توجه ! این یک نسخه آرشیو شده می باشد و در این حالت شما عکسی را مشاهده نمی کنید برای مشاهده کامل متن و عکسها بر روی لینک مقابل کلیک کنید : Knowledge of Your Language

04-14-2013, 11:44 AM
Knowledge of Your Language

What does it mean to say that you know a language? Let's start out by looking at some examples that illustrate our knowledge. In this section we shall illustrate a speaker's knowledge of the phonology, morphology, syntax, and semantics of his/her language:

1.2.1. Phonological Knowledge

The following examples illustrate some aspects of your knowledge of English phonology:

(1) George Bernard Shaw and the English spelling system: how do you pronounce ghoti ?

(2) English phonotactics: brick, blick, bnick, sdpick.

These examples show that you know how a word can be pronounced even if you have never heard it said before, and whether a given sound sequence is a possible sequence in English even if you have never encountered the sequence before

1.2.2. Morphological Knowledge

Your knowledge of English morphology is amply illustrated by Lewis Carroll:

(3) Lewis Carroll and Through the Looking Glass (1872) and Alice in Wonderland (1865)


Twas brillig, and the slithy toves

Did gyre and gimble in the wabe:

All mimsy were the borogroves,

And the mome raths outgrabe.

Although some of these words are non-occurring English words, you know that they are all potentially meaningful and legitimate words of English. In fact, you also know what parts of speech (category) some of these words belong to, and may even imagine what they might mean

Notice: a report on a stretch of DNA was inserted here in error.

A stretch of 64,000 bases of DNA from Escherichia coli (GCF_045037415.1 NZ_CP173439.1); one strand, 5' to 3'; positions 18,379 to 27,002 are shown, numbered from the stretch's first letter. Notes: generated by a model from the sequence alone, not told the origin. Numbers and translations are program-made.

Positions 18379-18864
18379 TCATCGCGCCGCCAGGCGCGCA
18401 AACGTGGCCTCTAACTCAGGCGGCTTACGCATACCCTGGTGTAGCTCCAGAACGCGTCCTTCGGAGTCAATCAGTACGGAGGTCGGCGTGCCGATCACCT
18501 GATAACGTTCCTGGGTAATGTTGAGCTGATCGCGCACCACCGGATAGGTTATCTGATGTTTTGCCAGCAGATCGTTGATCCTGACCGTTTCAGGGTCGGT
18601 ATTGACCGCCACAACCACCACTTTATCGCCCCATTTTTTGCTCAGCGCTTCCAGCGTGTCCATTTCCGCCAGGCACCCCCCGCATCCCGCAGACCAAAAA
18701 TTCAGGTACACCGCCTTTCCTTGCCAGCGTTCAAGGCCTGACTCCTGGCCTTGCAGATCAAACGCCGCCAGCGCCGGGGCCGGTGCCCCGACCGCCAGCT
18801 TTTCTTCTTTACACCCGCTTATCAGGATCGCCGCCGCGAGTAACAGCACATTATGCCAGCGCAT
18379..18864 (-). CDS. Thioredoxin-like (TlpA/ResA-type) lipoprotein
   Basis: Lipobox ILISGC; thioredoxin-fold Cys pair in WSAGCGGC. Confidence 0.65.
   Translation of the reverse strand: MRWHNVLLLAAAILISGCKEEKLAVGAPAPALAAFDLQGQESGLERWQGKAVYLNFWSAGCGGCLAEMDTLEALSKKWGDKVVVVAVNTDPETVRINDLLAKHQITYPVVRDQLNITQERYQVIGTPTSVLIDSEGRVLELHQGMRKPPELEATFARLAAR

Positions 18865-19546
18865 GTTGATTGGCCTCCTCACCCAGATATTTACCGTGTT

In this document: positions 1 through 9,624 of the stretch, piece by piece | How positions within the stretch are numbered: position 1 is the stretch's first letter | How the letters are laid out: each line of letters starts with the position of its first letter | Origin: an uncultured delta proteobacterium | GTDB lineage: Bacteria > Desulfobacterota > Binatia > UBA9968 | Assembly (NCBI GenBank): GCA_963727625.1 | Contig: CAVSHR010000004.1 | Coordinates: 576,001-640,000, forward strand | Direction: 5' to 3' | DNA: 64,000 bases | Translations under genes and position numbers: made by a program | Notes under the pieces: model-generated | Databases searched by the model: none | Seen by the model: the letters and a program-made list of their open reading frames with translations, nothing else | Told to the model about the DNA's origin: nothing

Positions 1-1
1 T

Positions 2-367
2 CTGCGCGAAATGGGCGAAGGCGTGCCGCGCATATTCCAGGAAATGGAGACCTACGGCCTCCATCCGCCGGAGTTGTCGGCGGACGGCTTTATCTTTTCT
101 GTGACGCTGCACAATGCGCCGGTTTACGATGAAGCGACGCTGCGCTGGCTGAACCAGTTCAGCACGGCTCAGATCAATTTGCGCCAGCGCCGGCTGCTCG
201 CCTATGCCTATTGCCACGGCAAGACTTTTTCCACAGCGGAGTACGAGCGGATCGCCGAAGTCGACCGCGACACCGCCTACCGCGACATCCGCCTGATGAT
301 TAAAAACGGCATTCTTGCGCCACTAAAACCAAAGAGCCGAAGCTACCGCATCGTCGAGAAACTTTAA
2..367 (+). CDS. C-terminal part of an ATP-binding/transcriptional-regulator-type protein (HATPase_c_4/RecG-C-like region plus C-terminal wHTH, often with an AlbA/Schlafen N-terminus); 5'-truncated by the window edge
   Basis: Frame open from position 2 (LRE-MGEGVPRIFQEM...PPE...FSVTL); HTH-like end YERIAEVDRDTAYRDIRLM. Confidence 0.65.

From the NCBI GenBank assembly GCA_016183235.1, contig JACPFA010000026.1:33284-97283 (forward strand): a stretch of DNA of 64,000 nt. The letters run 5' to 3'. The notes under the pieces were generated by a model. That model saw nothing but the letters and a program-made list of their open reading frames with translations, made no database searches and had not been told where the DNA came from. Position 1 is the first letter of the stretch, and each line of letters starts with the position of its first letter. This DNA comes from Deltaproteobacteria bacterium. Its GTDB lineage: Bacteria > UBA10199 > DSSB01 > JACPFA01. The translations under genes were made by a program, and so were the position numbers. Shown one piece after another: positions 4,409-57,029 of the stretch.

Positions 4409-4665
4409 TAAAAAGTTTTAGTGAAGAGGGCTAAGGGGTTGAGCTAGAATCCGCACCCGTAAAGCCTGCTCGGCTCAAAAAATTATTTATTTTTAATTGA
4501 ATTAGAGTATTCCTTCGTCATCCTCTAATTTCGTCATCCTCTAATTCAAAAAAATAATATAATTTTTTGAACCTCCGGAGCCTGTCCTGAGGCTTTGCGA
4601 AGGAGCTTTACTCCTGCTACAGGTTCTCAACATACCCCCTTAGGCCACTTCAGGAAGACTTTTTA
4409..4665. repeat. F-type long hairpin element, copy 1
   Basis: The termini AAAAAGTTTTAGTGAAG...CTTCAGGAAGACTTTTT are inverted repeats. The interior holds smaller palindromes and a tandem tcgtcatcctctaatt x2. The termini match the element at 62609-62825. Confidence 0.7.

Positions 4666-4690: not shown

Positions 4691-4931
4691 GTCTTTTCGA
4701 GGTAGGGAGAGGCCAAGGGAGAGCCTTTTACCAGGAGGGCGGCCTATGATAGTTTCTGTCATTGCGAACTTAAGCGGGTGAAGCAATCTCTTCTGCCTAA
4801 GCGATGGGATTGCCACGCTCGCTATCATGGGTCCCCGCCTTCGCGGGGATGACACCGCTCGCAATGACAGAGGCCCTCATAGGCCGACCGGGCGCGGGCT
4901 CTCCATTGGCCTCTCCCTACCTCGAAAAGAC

1.2.3. Semantic Knowledge.

a. Ambiguity. Your knowledge of English allows you to discern the ambiguity (or lack thereof) of some of the sentences below:

(4) a. Flying planes can be dangerous.
b. Flying planes are dangerous.
c. Flying planes is dangerous.

(5) a. Visiting relatives can be a nuisance.
b. Visiting relatives is a nuisance.
c. Visiting relatives are a nuisance.

(6) The chicken is ready to eat.

(7) Mistrust wounds.

b. Synonymy. Or synonymy among certain others:

(8) a. John has seen Bill.
b. Bill has been seen by John.

(9) a. It was certain that Kristel would win the Best Soprano Award.
b. Kristel was certain to win the Best Soprano Award.
(cf. Kristel was certain that she would win the Best Soprano Award.)

c. Missing Information. It also allows you to fill in missing information in a systematic (i.e., constrained and not random) way:

(10) a. John is eager to please.
b. John is easy to please.

(11) a. Visiting relatives can be a nuisance to him.
b. Visiting relatives is a nuisance to him. (him = visitor)
c. Visiting relatives are a nuisance to him. (him =\= visitor